Walther SP22 M2 Range Report

This is a discussion on Walther SP22 M2 Range Report within the General Firearm Discussion forums, part of the Related Topics category; As all of you are well aware, the prices of ammo have been sky-rocketing. To cope with this, I've been searching for a .22 pistol. ...

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Thread: Walther SP22 M2 Range Report

  1. #1
    Senior Member Array Exodus's Avatar
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    Walther SP22 M2 Range Report

    As all of you are well aware, the prices of ammo have been sky-rocketing. To cope with this, I've been searching for a .22 pistol. I wanted a .22 with a trigger like my combat guns (all striker fired) so that my plinking would also be good practice.

    The Walther SP22 is the closest thing I could find to a M&P or XD in a .22 (as they don't make conversions). The SP22 is a single action, hammer fired semi-auto that uses a blow-back action. It has about a five pound trigger, with a travel and reset distance very similiar to a striker fired gun.

    This gun has tons of customization options. It can be had in a four or six inch barrel. There are two grip sizes, plus a custom match grip. They make a regular & match grade barrel. The barrel is threaded, so you can add a suppressor. You can also add rails easily to mount scopes & lasers. I got the M2 variant, which has a six inch standard barrel. The front sight post is triangular, with three different widths. You can also adjust the sear engagement position.

    Enough about the gun; on to the range.

    I took 500 rounds of Remington .22 Thunderbolt with me. They're 40 grain 'high velocity' rounds.

    As I mentioned before in my GLOCK Report, it's been awhile since I've shot a gun, and I'm definitely rusty. My groups were terrible. I was shooting a 9" pistol target at fifty feet. I was all over the place on the target. As the day wore on, I was able to get some decent groups in the center rings, but never consistently enough to adjust the sights. 'Course, that's why I got this gun. I can afford to burn 500 rounds every other weekend and keep my skills up. The gun ran flawlessly, though I can't say the same for the ammo. I had several (read seven or eight) rounds fail to fire. Good dimple on the edge of the case, even double struck each one.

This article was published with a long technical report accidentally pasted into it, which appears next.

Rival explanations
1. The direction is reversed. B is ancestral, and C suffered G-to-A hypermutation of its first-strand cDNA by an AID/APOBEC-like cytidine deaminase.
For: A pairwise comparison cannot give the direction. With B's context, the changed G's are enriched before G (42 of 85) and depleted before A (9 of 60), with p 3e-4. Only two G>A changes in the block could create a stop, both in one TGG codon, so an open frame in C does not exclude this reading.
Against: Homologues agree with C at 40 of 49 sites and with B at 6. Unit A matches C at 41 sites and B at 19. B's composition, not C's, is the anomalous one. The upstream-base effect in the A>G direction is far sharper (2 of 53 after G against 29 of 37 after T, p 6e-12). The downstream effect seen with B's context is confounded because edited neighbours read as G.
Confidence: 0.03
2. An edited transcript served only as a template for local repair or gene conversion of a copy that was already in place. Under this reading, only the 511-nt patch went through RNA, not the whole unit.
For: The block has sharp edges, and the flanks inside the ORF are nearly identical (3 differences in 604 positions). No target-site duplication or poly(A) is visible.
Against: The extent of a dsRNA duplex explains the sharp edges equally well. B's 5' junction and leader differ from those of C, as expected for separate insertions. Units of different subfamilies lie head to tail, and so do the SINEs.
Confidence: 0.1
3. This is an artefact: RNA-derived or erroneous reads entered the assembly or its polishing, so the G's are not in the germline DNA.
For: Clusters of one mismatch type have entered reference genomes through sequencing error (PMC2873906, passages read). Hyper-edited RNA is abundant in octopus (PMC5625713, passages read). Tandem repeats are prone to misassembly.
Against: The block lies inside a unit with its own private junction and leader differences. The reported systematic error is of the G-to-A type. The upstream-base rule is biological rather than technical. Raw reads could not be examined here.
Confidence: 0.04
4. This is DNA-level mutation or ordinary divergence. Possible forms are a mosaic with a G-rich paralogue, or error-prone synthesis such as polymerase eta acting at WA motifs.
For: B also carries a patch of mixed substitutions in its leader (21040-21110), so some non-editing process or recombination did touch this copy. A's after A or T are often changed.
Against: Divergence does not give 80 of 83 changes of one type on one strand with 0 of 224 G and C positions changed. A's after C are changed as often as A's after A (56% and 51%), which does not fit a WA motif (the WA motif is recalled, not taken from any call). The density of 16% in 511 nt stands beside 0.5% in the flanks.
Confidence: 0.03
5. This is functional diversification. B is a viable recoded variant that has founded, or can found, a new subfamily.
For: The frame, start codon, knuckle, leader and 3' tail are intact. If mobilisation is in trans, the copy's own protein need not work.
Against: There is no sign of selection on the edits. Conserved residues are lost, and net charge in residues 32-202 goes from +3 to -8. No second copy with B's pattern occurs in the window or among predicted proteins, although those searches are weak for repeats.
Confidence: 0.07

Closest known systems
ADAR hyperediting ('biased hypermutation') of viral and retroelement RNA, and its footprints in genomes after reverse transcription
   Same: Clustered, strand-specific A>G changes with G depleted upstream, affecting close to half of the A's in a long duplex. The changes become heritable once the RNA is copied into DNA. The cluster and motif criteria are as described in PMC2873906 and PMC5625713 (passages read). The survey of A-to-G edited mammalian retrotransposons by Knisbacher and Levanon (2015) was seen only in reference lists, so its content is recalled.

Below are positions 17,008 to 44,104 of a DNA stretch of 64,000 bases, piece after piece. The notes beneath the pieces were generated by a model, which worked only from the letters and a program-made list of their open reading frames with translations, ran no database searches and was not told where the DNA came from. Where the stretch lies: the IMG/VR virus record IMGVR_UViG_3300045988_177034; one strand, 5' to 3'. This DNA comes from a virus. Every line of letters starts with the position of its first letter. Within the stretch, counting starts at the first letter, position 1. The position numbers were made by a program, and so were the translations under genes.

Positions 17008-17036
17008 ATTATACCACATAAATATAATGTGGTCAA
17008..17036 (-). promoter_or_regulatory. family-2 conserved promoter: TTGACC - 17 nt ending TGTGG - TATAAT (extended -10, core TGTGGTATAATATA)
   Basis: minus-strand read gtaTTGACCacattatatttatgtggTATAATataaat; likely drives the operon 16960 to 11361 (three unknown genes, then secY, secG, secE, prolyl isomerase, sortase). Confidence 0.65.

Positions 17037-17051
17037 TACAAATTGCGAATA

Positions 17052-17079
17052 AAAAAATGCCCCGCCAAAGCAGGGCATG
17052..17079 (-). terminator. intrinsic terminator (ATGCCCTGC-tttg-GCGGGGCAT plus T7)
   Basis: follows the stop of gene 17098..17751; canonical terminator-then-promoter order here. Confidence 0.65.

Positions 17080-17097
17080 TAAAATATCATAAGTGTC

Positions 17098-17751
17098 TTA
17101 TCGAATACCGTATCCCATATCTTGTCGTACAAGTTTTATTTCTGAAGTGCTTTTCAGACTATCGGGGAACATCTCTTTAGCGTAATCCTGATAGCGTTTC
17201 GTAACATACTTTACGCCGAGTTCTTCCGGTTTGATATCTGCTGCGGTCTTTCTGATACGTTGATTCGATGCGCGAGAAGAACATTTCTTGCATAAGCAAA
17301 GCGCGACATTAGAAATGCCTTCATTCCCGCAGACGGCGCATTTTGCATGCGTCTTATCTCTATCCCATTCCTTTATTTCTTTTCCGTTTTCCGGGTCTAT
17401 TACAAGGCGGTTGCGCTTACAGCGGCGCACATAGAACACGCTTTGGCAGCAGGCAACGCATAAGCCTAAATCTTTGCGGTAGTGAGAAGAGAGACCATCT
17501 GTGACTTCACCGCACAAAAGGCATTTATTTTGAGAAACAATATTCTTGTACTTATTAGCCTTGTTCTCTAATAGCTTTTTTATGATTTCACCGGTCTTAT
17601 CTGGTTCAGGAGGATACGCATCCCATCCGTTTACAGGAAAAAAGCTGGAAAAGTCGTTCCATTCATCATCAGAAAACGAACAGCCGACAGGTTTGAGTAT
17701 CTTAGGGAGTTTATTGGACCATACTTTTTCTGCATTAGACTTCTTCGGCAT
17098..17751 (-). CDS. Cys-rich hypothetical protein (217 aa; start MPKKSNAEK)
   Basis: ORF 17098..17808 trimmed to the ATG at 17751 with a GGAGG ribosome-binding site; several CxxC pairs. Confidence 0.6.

I was able to bum so Federal ammo off another guy at the range, and put four rounds into a three inch group. Considering my current level of skill, and the fact that I'd run about 400 rounds already (not to mention about 50 rounds through my GLOCK 36), I'd say the gun is accurate. More regular practice and better ammo will prove this for sure though.

    The SP22 is accurate, and it fed, fired and ejected 500 rounds of cheap, inconsistent ammo. It is a great .22 analog to any GLOCK, XD, or M&P.

    Now, for the bad. The manual only contains about half of the steps necessary to strip the gun. It only gets you as far as taking the dust cover off. After removing the dust cover, the slide comes off by lifting it up over the breech and sliding forward off the guide rod. That's where I got stuck. The barrel sits in a barrel shroud held on with a nut. Once the shroud is removed, you can slide the barrel back out of the frame. Unfortunately, the rear sight is still attached to the frame, which blocks the barrel. The manual does include an exploded diagram, but it looks like it was printed from a 72 dpi .jpeg. A quick search didn't turn up any better instructions, and Walther doesn't have the manual on their sight for download yet.

    I'll figure it out, I just didn't expect to have to detail strip the gun just to do a simple cleaning.

    One other negative, the dust cover is aluminum with a rough texture. It shows powder residue, of course, and the texture makes it difficult to wipe clean.